“I’m not happy,” my pouty adorable daughter says to me when she gets out of the tub. I am wrapping her in a warm towel and she is upset that she didn’t get a nice long bath with plenty of toys and play time. She got a quick efficient rinse because she had a pee pee accident right when she was supposed to be getting in bed, delaying bed time, delaying mommy’s much-needed alone time, creating three additional chores for mommy to do (clean floor, extra load of laundry, and re-bathe my already bathed child) and mommy is not happy either.
When my daughter cries, I like to describe the feeling as “needles in my heart.” When she cries, I want to breastfeed her, though we weaned long ago. When she cries, my natural biological instinct as her mommy is to nurture nurture nurture, and I am as guilty as anybody of trying to always make her happy. To make matters worse, she can still cry like a little newborn baby, I mean it really sounds like a little baby, and it comes with real tears and all. She can still turn those powerful hormonal gears within me and make me want to give in, to just hold her, to cheer her up with a handful of m&ms, etc…
Sometimes I’m jealous of my friends with husbands in these moments. I must always play two roles. I must always be the enforcer of all limits and rules, but also be the nurturer and the comforter. I struggle to do this on my own. My greater instinct is to cuddle, comfort and dote on her, which, don’t worry, I do plenty of, but I also know that I have to set limits. She would have you believe otherwise, but the truth is, that she is not unsafe, dying, threatened, damaged, or harmed by my completely reasonable insistence that she wear clothes, or that she not eat solely cheese crackers for dinner.
I am trying to remember in these moments that she is doing exactly what she’s supposed to be doing. She’s supposed to be testing my limits. She’s supposed to be exploring the world around her. Her little brain is working just right and she is healthy and loved.
It isn’t easy, but it’s worth it.
My priorities are for her to be healthy more than happy. I want her to learn it’s okay to be unhappy, that nobody can be happy all the time, that in every life we will make mistakes, be disappointed, experience problems and circumstances beyond our control, but it’s important that we can face those challenges, survive, and overcome them.
So in this moment pulling her out of the tub, it’s hard to be a mom. It’s hard because I know she knows better than to have this accident. It’s hard because it’s also okay to make mistakes and I don’t want her to be ashamed of the accident. It’s hard to be strict, even though I don’t want this to happen again, and it’s hard to be soft even though I want her to learn to self-regulate her emotions.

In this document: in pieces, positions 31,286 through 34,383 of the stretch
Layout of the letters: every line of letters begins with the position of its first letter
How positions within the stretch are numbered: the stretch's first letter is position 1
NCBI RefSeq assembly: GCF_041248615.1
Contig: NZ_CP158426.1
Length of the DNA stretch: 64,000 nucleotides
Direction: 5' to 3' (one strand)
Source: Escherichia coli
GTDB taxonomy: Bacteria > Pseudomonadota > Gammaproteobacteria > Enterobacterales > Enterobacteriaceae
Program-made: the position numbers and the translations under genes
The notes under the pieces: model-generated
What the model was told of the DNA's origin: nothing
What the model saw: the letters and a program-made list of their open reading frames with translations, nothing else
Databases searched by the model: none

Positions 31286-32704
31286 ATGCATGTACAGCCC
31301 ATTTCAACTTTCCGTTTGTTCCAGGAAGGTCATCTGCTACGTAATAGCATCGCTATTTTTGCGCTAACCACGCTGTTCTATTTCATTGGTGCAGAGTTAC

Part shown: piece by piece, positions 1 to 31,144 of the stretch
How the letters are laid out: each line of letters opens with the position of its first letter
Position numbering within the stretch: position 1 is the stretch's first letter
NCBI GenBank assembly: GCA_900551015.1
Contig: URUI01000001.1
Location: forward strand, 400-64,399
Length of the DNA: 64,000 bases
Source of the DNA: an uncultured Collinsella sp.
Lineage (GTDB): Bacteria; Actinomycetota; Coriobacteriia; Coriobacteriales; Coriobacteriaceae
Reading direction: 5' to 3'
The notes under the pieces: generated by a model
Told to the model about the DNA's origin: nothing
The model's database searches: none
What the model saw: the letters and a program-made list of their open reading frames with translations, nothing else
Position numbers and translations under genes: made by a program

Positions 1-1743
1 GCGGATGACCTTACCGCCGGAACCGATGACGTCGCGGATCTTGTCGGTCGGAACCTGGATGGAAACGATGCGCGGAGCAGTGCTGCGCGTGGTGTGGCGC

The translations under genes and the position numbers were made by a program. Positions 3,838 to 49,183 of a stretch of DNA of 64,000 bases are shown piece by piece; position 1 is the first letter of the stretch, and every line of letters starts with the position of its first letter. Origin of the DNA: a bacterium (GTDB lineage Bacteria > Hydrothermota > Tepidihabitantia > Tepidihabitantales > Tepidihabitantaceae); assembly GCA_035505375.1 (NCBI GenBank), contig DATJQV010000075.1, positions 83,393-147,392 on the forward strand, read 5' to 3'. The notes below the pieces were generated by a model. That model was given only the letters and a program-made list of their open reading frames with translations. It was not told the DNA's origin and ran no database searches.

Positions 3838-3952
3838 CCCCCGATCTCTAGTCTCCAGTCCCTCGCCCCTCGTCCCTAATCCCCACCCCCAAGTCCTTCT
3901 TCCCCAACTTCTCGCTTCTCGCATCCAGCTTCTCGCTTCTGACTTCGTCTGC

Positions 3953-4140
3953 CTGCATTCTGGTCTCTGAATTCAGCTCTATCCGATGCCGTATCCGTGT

It goes against my instincts to say, “I don’t want my kid to be happy,” because, of course I do, but I also don’t want her to live with an expectation that she will always be happy. I want her to know that her happiness is in her own hands, that she can choose to be happy and also, she can just pee in the potty next time and avoid all this.
My priorities for her are also my priorities for me. Yes, most of the time, I would like to be happy, but I also don’t want to be constantly defeated by any pain, anxiety, suffering, etc…
Being “happy,” is way too much pressure to be honest. I had a therapist explain to me once that she has a lot of clients whose parents spent their childhoods clearing any obstacle for their children and constantly trying to make them happy, and then when those children get older and have to be adults, they expect everyone to constantly try and make them happy the way their parents did, and they don’t know how to navigate dissapointments, hurtful situations, or take responsibility when they’re wrong.
A happy life is about more than just bliss, joy, comfort, pleasure, although, those are all important essential elements. Don’t get me wrong here, there’s nothing I love more than a delicious bite of food, a long cuddle with someone I love, an exciting trip somewhere, laughing until I can’t breathe, etc… you know… happiness? But the normal highs and lows of life are all a part of it too. Resiliency, strength, vulnerability, and asking for help when you need it, are healthy traits and behaviors that give us what we need to both weather the storms and appreciate how truly grateful we should be for the happy moments.
So in this moment I tell her, “It’s ok that you’re not happy. I’m not happy. Next time try harder to make it to the potty.” I let her feel that. I don’t rescue her from this feeling, but after she dries off and gets new pajamas on, I hug her and kiss her and tuck her in and tell her I love her. She gets her much-needed healthy sleep, and I hope I’m getting it right.